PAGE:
Authorities kill Lions Gate's second poison pill targeting Icahn
A Canadian regulatory body has ordered an end to Lions Gate Entertainment's second attempt to enact a "poison pill" provision that would have prevented dissident shareholder Carl Icahn from accumulating more than 38% of the company's stock.
The decision was issued late Monday by the British Columbia Securities Commission in Vancouver, where Lions Gate, the studio behind the Tyler Perry movies and the cable television show "Mad Men," is legally domiciled.
It's not the first time that Lions Gate has failed in an attempt to thwart Icahn by issuing a rule preventing shareholders from owning more than a certain percentage of stock. A previous poison pill with a ceiling of 20% was voided by the BCSC in April.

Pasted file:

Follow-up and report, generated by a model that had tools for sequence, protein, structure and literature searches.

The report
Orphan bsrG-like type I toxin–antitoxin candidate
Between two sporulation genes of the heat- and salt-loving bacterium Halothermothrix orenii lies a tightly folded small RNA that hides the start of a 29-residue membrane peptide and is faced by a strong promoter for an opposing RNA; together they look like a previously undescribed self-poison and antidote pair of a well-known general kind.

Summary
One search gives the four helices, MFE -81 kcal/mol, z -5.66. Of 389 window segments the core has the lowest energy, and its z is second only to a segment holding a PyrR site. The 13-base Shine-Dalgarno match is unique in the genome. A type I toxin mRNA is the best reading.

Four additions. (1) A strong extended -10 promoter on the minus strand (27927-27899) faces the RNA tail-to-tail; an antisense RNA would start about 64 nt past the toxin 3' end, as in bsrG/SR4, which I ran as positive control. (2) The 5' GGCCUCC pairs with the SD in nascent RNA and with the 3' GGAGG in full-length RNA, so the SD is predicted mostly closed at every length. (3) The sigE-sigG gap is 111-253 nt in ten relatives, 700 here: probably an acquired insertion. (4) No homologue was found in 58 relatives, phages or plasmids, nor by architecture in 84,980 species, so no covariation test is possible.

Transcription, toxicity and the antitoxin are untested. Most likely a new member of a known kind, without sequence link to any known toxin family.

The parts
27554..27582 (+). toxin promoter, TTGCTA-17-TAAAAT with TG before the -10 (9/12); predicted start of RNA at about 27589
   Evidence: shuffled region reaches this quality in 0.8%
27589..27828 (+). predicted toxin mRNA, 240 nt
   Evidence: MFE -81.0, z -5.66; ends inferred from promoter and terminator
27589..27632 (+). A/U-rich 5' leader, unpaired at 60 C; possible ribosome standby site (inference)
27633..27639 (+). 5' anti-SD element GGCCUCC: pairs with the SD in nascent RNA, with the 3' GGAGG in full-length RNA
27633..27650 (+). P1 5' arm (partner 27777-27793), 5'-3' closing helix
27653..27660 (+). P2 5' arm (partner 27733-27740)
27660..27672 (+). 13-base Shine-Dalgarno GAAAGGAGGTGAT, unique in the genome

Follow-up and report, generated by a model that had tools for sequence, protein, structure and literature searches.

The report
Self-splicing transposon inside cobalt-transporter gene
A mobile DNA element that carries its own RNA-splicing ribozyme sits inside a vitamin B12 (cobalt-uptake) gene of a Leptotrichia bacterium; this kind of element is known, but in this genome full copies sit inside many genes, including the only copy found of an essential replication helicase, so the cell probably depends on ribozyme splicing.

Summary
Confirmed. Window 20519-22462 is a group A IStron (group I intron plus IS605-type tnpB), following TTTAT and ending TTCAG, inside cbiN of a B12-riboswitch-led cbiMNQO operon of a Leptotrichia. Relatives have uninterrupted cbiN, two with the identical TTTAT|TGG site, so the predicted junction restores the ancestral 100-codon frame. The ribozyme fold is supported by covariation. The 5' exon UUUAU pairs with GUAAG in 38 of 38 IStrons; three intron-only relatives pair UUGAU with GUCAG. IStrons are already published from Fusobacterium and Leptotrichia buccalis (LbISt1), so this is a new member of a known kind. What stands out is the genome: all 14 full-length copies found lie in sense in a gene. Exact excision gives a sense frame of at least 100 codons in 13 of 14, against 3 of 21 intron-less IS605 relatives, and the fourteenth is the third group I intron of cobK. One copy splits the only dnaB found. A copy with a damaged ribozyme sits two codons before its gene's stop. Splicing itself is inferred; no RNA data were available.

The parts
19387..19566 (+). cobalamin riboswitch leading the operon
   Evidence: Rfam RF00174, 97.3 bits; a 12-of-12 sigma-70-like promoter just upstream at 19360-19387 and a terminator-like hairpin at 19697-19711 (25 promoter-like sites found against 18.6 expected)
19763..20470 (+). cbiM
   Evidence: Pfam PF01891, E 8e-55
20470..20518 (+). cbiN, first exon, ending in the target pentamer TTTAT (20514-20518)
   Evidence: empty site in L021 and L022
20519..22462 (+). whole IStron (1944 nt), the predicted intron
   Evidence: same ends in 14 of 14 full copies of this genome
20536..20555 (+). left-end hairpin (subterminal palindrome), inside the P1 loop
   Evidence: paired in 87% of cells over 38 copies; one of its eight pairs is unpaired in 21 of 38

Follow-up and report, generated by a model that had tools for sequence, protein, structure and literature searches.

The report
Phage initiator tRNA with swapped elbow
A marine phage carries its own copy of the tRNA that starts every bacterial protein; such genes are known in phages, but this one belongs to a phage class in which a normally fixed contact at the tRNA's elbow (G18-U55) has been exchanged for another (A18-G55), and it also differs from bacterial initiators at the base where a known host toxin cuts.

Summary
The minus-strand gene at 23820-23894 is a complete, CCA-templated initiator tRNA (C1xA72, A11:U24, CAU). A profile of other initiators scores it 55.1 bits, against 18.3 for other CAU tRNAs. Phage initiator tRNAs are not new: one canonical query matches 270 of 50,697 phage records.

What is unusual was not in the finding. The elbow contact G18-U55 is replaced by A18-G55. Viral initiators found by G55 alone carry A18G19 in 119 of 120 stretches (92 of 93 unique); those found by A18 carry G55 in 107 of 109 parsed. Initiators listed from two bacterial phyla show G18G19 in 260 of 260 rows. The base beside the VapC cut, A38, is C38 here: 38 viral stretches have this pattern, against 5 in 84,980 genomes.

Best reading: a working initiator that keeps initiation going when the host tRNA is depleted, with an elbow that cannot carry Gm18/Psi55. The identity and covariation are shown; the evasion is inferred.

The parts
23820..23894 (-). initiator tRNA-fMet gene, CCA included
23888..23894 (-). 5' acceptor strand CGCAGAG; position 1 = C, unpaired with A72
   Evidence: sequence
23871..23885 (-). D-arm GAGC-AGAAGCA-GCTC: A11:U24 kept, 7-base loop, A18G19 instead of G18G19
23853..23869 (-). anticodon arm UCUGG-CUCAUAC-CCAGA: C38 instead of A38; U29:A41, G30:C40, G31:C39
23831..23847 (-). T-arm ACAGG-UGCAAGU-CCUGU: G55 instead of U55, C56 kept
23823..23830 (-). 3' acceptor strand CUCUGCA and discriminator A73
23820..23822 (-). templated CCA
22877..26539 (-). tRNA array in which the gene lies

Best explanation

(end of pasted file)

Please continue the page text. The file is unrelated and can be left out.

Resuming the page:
Lions Gate's board adopted the new poison pill in July. The company thought it would pass legal muster because it was not enacted in the context of a tender offer by Icahn.
But several weeks later, Icahn launched a new tender, which expires this Friday. It offers all shareholders $7.50 per share for their stock.
At the same time, he and Lions Gate are working together on a potential merger that would combine the studio with Metro-Goldwyn-Mayer.
Meanwhile, the two sides are awaiting a verdict following a trial last week at the British Columbia Supreme Court over a controversial transaction Lions Gate made in July that converted debt to equity and in the process diluted most shareholders. Icahn's stake was reduced from 38% to 33.5%, while the company's second-largest shareholder, Mark Rachesky, who received the new stock, went from 19% to 29%.
-- Ben Fritz